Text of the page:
Quality of care and preadmissions for high risk juvenile onset diabetic children: The impact of Medicaid managed care
BACKGROUND: As many as three million individuals had Type I diabetes in the United States in 2011. With Medicaid program variations, there are potentially large differences in access and quality of care for child diabetics. However, no previous studies have holistically assessed the impact of Medicaid managed care on juvenile diabetic treatment, and how it might interact with other patient variables (including race, age and gender) on the quality of care. The focus here is on readmissions, since previous research indicates that readmissions are a quality measure for diabetes, and that specific clinical measures can prevent and/or reduce readmissions. METHODS: This study used a retrospective four year (2008-2011) cross-sectional design with de-identified Children's Hospital Association PHIS data from 43 children's hospitals in 26 states, including 4,762 patients with 12,104 qualifying admissions, to determine whether juvenile onset diabetic patients are more or less likely to be readmitted with uncontrolled diabetes if they are on a Medicaid managed care plan. Study data included inpatient, observation and emergency room readmissions, enabling a greater understanding of not only the readmission rates but also the examination of the type of services provided on the initial visit adjusted for severity and then on the return visit. Multiple factors for readmission were analyzed including age, race, gender, severity of illness (APR-DRG), patient type on discharge, and state. RESULTS: Simple readmission rates by state ranged from 4.08% to 24.82 %. The relationship between state and days between readmissions was significant (p<.0001). Logistic regression revealed that overall readmission was more likely for Medicaid patients on non-managed care plans (Chi-Square 4.3, p = 0.0373), and that those on non-managed care plans were 1.12 times more likely to be readmitted. For the overall diabetic readmission rate, race (p<.0001), age (p<.0001) and gender (p<.0212) were also significant factors. When combined with these, primary insurance type (Medicaid managed vs. non-managed) provided a significant predictive model for readmissions. CONCLUSIONS: This is the first multi-site study to compare readmission rates for children on Medicaid with diabetes across states specifically focusing on the type of health plan and its relationship to readmissions. The results suggest that medical caregivers need to consider the impact of Medicaid program structure in their state on high risk diabetic children. It also appears that using managed care elements in state Medicaid programs may also facilitate efforts to assure equal access to care and reduce disparities in treatment.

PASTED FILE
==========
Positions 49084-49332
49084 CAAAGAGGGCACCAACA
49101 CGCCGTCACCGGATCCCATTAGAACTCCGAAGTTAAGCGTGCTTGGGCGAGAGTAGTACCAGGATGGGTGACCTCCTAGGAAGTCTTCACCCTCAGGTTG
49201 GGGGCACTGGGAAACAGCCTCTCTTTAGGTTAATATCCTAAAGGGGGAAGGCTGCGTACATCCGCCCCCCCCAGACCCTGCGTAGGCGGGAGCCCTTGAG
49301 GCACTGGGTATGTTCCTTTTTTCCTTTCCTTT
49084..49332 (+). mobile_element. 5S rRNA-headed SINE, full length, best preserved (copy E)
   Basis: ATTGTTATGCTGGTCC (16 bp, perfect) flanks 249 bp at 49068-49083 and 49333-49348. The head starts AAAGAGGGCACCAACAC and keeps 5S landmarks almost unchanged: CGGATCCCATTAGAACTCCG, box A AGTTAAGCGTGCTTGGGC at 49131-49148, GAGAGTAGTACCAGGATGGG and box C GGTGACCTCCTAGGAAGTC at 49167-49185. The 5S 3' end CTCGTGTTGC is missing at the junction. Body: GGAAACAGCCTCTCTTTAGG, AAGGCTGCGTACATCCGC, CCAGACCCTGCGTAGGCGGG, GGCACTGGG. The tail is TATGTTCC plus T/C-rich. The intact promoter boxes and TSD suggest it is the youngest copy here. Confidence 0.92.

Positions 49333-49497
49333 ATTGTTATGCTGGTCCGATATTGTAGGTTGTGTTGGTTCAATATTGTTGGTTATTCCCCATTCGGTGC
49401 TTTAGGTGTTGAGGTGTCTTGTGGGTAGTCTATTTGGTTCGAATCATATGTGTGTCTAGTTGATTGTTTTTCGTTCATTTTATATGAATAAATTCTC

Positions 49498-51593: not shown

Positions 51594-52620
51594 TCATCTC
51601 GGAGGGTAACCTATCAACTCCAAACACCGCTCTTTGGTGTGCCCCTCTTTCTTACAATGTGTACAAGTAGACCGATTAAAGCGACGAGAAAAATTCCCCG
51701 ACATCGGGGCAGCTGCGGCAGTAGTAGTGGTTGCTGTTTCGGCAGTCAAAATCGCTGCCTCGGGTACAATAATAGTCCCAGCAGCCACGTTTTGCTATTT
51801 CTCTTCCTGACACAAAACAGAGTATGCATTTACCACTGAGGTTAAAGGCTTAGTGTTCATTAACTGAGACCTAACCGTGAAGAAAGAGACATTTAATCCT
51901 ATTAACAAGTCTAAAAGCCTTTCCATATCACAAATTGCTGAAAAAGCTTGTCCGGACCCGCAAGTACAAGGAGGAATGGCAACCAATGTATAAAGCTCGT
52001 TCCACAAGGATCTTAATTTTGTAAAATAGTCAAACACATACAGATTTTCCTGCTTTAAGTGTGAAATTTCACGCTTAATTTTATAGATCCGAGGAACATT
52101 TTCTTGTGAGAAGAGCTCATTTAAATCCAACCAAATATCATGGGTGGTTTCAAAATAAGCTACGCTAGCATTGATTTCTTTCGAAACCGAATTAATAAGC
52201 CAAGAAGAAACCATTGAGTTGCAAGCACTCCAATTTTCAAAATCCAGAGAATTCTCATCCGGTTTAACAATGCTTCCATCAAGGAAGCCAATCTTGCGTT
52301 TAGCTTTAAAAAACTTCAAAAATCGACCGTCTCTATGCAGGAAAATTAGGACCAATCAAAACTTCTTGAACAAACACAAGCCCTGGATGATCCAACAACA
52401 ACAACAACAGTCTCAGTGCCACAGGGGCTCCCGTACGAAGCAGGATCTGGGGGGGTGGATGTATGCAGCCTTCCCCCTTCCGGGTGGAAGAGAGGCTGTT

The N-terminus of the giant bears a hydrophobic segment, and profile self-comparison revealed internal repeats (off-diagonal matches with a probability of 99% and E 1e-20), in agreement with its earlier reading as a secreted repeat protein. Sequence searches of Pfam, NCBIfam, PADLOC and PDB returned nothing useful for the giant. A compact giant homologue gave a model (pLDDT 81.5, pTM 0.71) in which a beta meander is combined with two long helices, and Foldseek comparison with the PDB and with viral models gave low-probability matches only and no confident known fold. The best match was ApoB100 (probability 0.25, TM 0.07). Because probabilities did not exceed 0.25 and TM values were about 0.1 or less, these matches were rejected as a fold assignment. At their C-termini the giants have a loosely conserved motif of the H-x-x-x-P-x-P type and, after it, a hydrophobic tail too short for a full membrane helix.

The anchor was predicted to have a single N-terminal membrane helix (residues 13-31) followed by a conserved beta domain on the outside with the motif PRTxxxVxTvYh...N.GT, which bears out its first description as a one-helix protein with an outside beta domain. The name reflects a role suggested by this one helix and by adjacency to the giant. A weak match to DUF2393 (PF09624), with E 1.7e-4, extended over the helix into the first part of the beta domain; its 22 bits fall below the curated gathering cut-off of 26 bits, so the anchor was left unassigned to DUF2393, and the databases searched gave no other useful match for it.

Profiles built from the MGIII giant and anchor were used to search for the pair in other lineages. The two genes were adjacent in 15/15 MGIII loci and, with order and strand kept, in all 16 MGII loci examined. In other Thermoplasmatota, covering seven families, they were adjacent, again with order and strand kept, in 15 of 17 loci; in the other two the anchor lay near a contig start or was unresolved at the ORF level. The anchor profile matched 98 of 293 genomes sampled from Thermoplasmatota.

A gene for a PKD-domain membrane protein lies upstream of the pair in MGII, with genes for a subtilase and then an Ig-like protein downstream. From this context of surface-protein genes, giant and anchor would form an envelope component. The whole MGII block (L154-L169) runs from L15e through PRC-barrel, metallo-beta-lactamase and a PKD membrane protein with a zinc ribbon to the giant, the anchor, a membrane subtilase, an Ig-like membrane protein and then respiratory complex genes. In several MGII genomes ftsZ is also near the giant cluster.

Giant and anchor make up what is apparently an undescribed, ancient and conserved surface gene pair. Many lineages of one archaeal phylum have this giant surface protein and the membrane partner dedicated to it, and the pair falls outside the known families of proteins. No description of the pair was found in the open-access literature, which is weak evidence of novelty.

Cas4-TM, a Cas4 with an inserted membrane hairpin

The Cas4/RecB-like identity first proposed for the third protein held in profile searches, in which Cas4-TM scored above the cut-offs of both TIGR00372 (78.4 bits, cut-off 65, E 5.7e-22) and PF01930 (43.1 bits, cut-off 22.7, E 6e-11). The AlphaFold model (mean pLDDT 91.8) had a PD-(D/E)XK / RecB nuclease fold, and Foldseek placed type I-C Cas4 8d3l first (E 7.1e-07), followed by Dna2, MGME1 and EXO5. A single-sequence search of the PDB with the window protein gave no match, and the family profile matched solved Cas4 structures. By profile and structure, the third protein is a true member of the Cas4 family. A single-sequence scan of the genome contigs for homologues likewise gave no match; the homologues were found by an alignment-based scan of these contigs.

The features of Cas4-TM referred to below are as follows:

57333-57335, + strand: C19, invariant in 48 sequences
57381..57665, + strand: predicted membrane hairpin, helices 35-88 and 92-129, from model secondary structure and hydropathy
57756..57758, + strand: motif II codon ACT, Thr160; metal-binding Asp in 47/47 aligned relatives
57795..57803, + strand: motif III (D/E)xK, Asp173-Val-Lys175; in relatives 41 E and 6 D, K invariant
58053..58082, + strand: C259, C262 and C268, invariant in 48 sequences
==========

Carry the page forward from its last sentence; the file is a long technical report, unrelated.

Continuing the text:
Chronic disease management and prevention
Conduct evaluation related to programs, research, and other areas of practice
Provision of health care to the public
Public health or related laws, regulations, standards, or guidelines
Public health or related public policy
Describe the impacts of Medicaid managed care on care for high risk diabetic children
Explain how managed care features improve the likelihood of high quality and non-disparate care for high risk diabetic children
Presenting author's disclosure statement:
Qualified on the content I am responsible for because: I have conducted the research on which I would be presenting, and am very knowledgeable about and responsible for children's health services provision as an upper-level administrator of a children's medical center.
Any relevant financial relationships? No
I agree to comply with the American Public Health Association Conflict of Interest and Commercial Support Guidelines,
and to disclose to the participants any off-label or experimental uses of a commercial product or service discussed
in my presentation.